House Dem dismisses paying for infrastructure by rolling back Trump tax law
Rep. Earl Blumenauer (D-Ore.) signaled on Tuesday that he thinks there are better ways to pay for an infrastructure package than a rollback of the GOP tax law.
Blumenauer told reporters that it would be "complex" to link infrastructure with major changes to the tax code.
"I think of all the ways that we could have to fund the rebuilding and renewing of America, I think that is fraught with peril," said Blumenauer, a senior member of the House Ways and Means Committee, which has jurisdiction over taxes.
Blumenauer spoke to reporters one day before the Ways and Means Committee holds a hearing about infrastructure. According to the congressman, there are tentative plans to devote time on the House floor to infrastructure in late spring.
President Trump and congressional Democrats have both expressed interest in working on an infrastructure package this year, but the challenge is figuring out how to pay for such a package.
Senate Democrats last year proposed paying for $1 trillion in infrastructure spending by rolling back parts of Trump's 2017 tax-cut law, such as by raising the corporate rate from 21 percent to 25 percent.
But any proposal to finance infrastructure through an increase in the corporate tax rate would be sure to get pushback from Republican lawmakers and business groups, who argue that the lower rate created in the 2017 law has been beneficial for the economy.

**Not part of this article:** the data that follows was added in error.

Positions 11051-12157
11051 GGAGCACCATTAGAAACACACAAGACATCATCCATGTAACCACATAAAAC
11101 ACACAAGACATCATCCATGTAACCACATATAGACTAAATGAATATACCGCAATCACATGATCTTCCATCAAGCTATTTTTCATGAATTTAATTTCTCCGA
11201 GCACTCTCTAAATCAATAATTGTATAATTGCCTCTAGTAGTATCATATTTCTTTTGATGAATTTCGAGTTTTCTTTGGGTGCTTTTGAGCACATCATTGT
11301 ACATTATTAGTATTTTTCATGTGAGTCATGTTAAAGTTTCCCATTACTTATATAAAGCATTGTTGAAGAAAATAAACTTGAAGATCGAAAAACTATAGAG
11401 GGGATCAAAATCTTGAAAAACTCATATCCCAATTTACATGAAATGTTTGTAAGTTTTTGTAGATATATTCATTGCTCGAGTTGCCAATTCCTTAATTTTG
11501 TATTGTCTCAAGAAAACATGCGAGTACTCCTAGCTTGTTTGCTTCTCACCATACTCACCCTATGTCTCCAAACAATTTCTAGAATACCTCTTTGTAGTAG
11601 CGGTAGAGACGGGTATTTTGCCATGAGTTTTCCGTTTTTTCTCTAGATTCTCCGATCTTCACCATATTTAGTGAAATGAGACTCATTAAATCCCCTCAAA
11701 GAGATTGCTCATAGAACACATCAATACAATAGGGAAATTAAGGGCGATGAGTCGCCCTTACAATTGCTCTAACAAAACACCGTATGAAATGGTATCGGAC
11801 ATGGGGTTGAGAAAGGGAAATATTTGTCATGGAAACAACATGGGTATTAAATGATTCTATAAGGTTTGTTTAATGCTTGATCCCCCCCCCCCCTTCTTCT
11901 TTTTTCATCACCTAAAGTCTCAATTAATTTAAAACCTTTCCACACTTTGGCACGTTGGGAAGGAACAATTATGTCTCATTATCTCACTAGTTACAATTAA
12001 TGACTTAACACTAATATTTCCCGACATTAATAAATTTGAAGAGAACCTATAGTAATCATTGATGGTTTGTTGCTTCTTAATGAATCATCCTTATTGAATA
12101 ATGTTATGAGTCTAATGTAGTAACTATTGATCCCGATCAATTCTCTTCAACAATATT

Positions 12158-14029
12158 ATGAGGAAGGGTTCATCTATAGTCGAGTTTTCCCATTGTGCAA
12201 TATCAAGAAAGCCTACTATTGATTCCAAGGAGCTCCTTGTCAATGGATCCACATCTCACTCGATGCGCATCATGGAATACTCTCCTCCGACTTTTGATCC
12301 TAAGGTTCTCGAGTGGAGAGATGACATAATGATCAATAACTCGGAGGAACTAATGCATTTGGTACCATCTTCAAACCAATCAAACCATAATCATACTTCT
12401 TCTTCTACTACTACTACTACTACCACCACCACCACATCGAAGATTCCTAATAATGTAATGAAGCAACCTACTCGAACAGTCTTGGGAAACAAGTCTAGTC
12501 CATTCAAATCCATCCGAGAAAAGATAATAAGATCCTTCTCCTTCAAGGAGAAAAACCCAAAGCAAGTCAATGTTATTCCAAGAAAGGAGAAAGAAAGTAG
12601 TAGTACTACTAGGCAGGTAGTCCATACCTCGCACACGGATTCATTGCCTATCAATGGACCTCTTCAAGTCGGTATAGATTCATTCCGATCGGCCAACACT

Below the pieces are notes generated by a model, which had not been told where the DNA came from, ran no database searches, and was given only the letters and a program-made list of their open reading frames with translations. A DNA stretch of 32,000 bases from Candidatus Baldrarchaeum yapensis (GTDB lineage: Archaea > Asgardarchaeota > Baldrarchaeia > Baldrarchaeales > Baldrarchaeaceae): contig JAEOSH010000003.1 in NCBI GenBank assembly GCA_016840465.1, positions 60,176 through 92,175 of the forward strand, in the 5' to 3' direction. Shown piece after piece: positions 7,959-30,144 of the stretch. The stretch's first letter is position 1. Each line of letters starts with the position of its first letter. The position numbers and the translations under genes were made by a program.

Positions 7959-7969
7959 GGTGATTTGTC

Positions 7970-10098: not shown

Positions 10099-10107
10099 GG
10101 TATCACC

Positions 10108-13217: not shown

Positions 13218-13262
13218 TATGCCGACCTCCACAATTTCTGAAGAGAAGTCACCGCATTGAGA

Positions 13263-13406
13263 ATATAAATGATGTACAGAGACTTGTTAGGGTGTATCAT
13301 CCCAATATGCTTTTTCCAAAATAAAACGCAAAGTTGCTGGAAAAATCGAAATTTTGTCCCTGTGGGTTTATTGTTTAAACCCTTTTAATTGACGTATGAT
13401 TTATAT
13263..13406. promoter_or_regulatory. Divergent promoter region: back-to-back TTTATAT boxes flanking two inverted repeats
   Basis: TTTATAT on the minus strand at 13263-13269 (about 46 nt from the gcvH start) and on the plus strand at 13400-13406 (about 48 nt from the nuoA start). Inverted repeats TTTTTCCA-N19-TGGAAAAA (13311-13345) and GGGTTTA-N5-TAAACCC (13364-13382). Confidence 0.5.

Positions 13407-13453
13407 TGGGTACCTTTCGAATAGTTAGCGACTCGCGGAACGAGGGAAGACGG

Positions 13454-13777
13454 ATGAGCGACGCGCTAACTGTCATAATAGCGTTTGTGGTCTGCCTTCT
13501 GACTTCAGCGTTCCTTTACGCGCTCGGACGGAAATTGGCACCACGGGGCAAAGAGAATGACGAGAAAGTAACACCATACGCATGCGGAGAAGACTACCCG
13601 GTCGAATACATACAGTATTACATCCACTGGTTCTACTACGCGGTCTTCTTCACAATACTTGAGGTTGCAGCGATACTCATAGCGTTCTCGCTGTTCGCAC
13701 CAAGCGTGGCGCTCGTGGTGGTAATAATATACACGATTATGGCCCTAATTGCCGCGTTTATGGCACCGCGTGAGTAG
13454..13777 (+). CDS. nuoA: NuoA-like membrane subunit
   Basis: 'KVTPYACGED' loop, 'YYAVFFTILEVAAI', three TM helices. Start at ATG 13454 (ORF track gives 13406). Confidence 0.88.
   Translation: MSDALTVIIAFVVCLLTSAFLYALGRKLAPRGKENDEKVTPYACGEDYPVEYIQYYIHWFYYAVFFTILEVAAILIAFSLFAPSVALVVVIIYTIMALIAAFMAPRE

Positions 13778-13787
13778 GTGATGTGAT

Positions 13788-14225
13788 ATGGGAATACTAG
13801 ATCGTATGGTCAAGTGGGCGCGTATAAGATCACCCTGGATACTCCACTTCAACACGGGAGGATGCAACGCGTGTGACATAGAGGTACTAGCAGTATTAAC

Blumenauer said he thinks there's a "desperate need" to re-examine the tax law, and said he is open to taking an all-of-the-above approach on infrastructure financing.
But he noted that the Obama administration and some lawmakers had said before the Trump tax law was enacted that they wanted to fund infrastructure through structural changes to the tax code, and they were not able to do so. He also said that linking infrastructure with a revamp of the tax code is unnecessary.
"There are paths forward that do not involve a food fight," he said.
Blumenauer said that revenue sources for an infrastructure bill would likely involve some type of user charges, such as raising fuel taxes. He noted that many states have raised their gas taxes in recent years, including red states, and that business and labor leaders support increasing the gas tax.
Blumenauer also on Tuesday introduced legislation with Rep. Jackie Walorski (R-Ind.) to expand the use of tax-exempt bonds for infrastructure. Sen. Ron Wyden (Ore.), the top Democrat on the Senate Finance Committee, has previously offered similar legislation in the upper chamber.